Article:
On the x86 platform, allocation of DMA memory that is physically contiguous has these requirements:

  • The length of the scatter-gather list dma_attr_sgllen in the ddi_dma_attr(9S) structure must be set to 1.

  • Do not specify DDI_DMA_PARTIAL. DDI_DMA_PARTIAL allows partial resource allocation.

The following example shows how to allocate IOPB memory and the necessary DMA resources to access this memory. DMA resources must still be allocated, and the DDI_DMA_CONSISTENT flag must be passed to the allocation function.

Example 9-3 Using ddi_dma_mem_alloc(9F)
if (ddi_dma_mem_alloc(xsp->iopb_handle, size, &accattr,
    DDI_DMA_CONSISTENT, DDI_DMA_SLEEP, NULL, &xsp->iopb_array,
    &real_length, &xsp->acchandle) != DDI_SUCCESS) {
    /* error handling */
    goto failure;
}
if (ddi_dma_addr_bind_handle(xsp->iopb_handle, NULL,
    xsp->iopb_array, real_length,
    DDI_DMA_READ | DDI_DMA_CONSISTENT, DDI_DMA_SLEEP,
    NULL, &cookie, &count) != DDI_DMA_MAPPED) {
    /* error handling */
    ddi_dma_mem_free(&xsp->acchandle);
    goto failure;
}

The flags parameter should be set to DDI_DMA_STREAMING for memory transfers that are sequential, unidirectional, block-sized, and block-aligned. This type of access is commonly known as streaming access.

In some cases, an I/O transfer can be sped up by using an I/O cache. I/O cache transfers one cache line at a minimum. The ddi_dma_mem_alloc(9F) routine rounds size to a multiple of the cache line to avoid data corruption.

The ddi_dma_mem_alloc(9F) function returns the actual size of the allocated memory object. Because of padding and alignment requirements, the actual size might be larger than the requested size. The ddi_dma_addr_bind_handle(9F) function requires the actual length.

Use the ddi_dma_mem_free(9F) function to free the memory allocated by ddi_dma_mem_alloc(9F).


Note - Drivers must ensure that buffers are aligned appropriately. Drivers for devices that have alignment requirements on down bound DMA buffers might need to copy the data into a driver intermediate buffer that meets the requirements, and then bind that intermediate buffer to the DMA handle for DMA. Use ddi_dma_mem_alloc(9F) to allocate the driver intermediate buffer. Always use ddi_dma_mem_alloc(9F) instead of kmem_alloc(9F) to allocate memory for the device to access.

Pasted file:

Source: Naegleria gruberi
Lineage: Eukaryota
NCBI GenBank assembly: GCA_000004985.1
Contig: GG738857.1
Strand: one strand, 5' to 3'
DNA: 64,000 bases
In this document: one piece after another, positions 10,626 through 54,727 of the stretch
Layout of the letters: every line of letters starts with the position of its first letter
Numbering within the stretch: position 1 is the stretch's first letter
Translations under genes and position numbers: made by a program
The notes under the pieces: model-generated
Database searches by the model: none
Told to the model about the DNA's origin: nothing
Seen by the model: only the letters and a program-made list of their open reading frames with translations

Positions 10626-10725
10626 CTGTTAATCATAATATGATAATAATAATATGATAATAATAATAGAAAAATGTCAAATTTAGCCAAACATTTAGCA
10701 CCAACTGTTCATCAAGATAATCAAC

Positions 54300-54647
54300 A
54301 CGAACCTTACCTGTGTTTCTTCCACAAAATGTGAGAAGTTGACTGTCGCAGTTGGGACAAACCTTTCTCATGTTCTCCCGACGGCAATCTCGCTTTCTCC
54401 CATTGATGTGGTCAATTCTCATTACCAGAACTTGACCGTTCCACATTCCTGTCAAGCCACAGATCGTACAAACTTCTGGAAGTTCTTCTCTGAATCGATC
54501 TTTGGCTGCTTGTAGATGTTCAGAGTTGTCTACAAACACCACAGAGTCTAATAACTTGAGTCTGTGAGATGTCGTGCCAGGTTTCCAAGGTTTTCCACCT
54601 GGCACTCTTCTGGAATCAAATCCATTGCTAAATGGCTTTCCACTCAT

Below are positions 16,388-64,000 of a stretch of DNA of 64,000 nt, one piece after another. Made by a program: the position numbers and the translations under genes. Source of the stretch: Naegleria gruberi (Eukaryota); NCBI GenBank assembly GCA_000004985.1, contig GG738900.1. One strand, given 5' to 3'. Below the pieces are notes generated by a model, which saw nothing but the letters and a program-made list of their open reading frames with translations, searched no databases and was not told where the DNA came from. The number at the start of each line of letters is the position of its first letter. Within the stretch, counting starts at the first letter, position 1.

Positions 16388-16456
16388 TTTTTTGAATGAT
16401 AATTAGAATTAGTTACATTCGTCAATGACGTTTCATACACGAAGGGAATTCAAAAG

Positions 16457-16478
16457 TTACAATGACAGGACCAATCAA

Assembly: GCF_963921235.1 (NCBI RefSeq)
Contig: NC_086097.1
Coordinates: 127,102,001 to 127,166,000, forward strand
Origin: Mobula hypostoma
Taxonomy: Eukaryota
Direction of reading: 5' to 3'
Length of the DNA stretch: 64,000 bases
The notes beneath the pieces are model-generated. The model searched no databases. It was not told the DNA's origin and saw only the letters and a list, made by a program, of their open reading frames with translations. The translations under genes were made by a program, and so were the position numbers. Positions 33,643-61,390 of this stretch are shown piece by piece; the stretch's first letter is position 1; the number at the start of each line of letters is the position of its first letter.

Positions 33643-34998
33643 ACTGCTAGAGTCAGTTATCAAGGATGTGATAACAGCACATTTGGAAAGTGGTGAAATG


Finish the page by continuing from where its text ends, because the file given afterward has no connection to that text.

Handling Resource Allocation Failures

The resource-allocation routines provide the driver with several options when handling allocation failures. The waitfp argument indicates whether the allocation routines block, return immediately, or schedule a callback, as shown in the following table.

Table 9-1 Resource Allocation Handling

waitfp value

Indicated Action

DDI_DMA_DONTWAIT

Driver does not want to wait for resources to become available

DDI_DMA_SLEEP

Driver is willing to wait indefinitely for resources to become available

Other values

The address of a function to be called when resources are likely to be available

Programming the DMA Engine

When the resources have been successfully allocated, the device must be programmed. Although programming a DMA engine is device specific, all DMA engines require a starting address and a transfer count. Device drivers retrieve these two values from the DMA cookie returned by a successful call from ddi_dma_addr_bind_handle(9F), ddi_dma_buf_bind_handle(9F), or ddi_dma_getwin(9F). These functions all return the first DMA cookie and a cookie count indicating whether the DMA object consists of more than one cookie. If the cookie count N is greater than 1, ddi_dma_nextcookie(9F) must be called N-1 times to retrieve all the remaining cookies.

A DMA cookie is of type ddi_dma_cookie(9S). This type of cookie has the following fields:

uint64_t    _dmac_ll;       /* 64-bit DMA address */
uint32_t    _dmac_la[2];    /* 2 x 32-bit address */
size_t      dmac_size;      /* DMA cookie size */
uint_t      dmac_type;      /* bus specific type bits */

The dmac_laddress specifies a 64-bit I/O address that is appropriate for programming the device's DMA engine. If a device has a 64-bit DMA address register, a driver should use this field to program the DMA engine. The dmac_address field specifies a 32-bit I/O address that should be used for devices that have a 32-bit DMA address register. The dmac_size field contains the transfer count. Depending on the bus architecture, the dmac_type field in the cookie might be required by the driver. The driver should not perform any manipulations, such as logical or arithmetic, on the cookie.

Example 9-4 ddi_dma_cookie(9S) Example
ddi_dma_cookie_t            cookie;